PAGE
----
I'm about to celebrate my third Christmas in Panama, and I've only just started taking Spanish lessons. If you read between the lines, this means I don't speak Spanish. I went to an awards dinner last week and it literally slipped my mind that it would be in Spanish. I was shocked when the mistress of ceremonies spoke in Spanish. Laughable I know. How can I forget that I live in Panama where the national language is Spanish? Because almost everyone I deal with on a professional level speaks English.
The first church I attended was in Spanish. Oops. Forgot to add a language preference to my Google search. Although you don't need to speak the language to enjoy a church service, it does help to know what the pastor is talking about. That's when the apple fell from the tree and I realized my version of gravity...I needed to find an English-speaking church. The first one I tried was too small, but the second one was a good fit. It meets in a movie theater, which means comfy chairs and full-blast air conditioning. Plus, the pastor is someone I enjoy listening to. In fact, I probably would have chosen this church even if I'd still been deep in the bible belt with churches on every corner.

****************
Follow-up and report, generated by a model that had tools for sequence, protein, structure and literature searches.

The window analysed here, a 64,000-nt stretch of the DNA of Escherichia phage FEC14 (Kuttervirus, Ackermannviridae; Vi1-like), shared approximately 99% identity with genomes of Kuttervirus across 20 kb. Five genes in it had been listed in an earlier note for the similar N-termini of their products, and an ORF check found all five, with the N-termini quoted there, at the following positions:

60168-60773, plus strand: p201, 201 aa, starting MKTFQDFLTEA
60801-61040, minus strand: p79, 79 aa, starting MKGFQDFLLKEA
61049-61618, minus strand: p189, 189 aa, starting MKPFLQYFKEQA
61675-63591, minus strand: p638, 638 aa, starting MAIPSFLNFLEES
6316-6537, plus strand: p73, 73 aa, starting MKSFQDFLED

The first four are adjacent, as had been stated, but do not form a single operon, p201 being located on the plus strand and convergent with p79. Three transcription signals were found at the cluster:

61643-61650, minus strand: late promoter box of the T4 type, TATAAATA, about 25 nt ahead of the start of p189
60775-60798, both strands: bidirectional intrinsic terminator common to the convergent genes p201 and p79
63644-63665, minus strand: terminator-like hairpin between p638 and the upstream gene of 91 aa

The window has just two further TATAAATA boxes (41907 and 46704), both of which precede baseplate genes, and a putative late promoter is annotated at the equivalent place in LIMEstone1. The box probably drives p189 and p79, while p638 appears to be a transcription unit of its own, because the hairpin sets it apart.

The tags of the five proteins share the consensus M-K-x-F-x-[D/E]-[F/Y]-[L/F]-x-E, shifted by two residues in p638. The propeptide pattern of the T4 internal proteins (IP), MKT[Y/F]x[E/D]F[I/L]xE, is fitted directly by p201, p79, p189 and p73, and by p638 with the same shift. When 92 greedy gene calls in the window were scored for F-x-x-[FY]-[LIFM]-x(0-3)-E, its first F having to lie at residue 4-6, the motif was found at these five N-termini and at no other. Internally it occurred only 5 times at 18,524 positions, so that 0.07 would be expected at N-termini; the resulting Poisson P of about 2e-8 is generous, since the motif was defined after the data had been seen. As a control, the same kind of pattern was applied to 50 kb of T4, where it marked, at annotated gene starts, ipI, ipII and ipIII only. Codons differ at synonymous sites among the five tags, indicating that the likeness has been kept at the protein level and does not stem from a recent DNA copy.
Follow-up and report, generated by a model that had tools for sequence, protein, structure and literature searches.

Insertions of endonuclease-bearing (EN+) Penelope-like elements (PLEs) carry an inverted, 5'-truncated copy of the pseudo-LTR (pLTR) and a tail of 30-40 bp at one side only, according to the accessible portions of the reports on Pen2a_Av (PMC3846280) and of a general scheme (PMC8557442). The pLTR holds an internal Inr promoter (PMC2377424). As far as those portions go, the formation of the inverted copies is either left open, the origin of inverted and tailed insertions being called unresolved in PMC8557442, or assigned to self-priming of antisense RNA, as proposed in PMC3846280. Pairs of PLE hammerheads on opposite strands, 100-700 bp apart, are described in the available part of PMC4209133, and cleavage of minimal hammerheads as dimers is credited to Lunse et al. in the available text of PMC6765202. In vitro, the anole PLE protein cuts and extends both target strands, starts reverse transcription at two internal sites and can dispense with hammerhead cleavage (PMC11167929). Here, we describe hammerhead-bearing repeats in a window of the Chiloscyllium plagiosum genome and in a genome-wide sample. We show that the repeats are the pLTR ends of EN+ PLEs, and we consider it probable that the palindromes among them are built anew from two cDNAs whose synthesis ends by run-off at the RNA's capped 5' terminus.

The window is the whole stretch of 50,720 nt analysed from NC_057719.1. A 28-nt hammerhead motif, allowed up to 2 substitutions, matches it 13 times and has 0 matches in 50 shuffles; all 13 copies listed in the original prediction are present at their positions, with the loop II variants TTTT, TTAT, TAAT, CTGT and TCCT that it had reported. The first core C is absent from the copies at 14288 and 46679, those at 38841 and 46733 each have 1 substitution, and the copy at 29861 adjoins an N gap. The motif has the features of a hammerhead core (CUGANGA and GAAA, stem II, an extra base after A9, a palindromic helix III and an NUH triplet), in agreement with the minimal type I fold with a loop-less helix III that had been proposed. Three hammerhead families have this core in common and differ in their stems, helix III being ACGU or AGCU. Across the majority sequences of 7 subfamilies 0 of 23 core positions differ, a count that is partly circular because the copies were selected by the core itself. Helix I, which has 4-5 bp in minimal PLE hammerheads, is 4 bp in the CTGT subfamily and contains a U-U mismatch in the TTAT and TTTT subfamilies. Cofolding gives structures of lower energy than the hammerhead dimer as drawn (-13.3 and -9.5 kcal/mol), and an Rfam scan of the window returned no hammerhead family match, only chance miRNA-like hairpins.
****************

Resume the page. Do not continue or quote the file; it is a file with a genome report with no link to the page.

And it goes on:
International churches are common in Panama. They have multiplied at the same rate as the English-speaking expats. My church is full of Americans, Canadians, Europeans, Aussies, and Latin Americans who are married to Americans, as well as the stray Panamanian who speak fluent English and just wants to go to an English-speaking church. Aside from the international mix, the median age at my church is about 35 and very few young children. (Try finding THAT in the bible belt!)
In every expat community in Panama, there are many choices of English-speaking Catholic and Christian churches to attend. The fun part is that you get to meet people from all over the world. And of course no Spanish is necessary.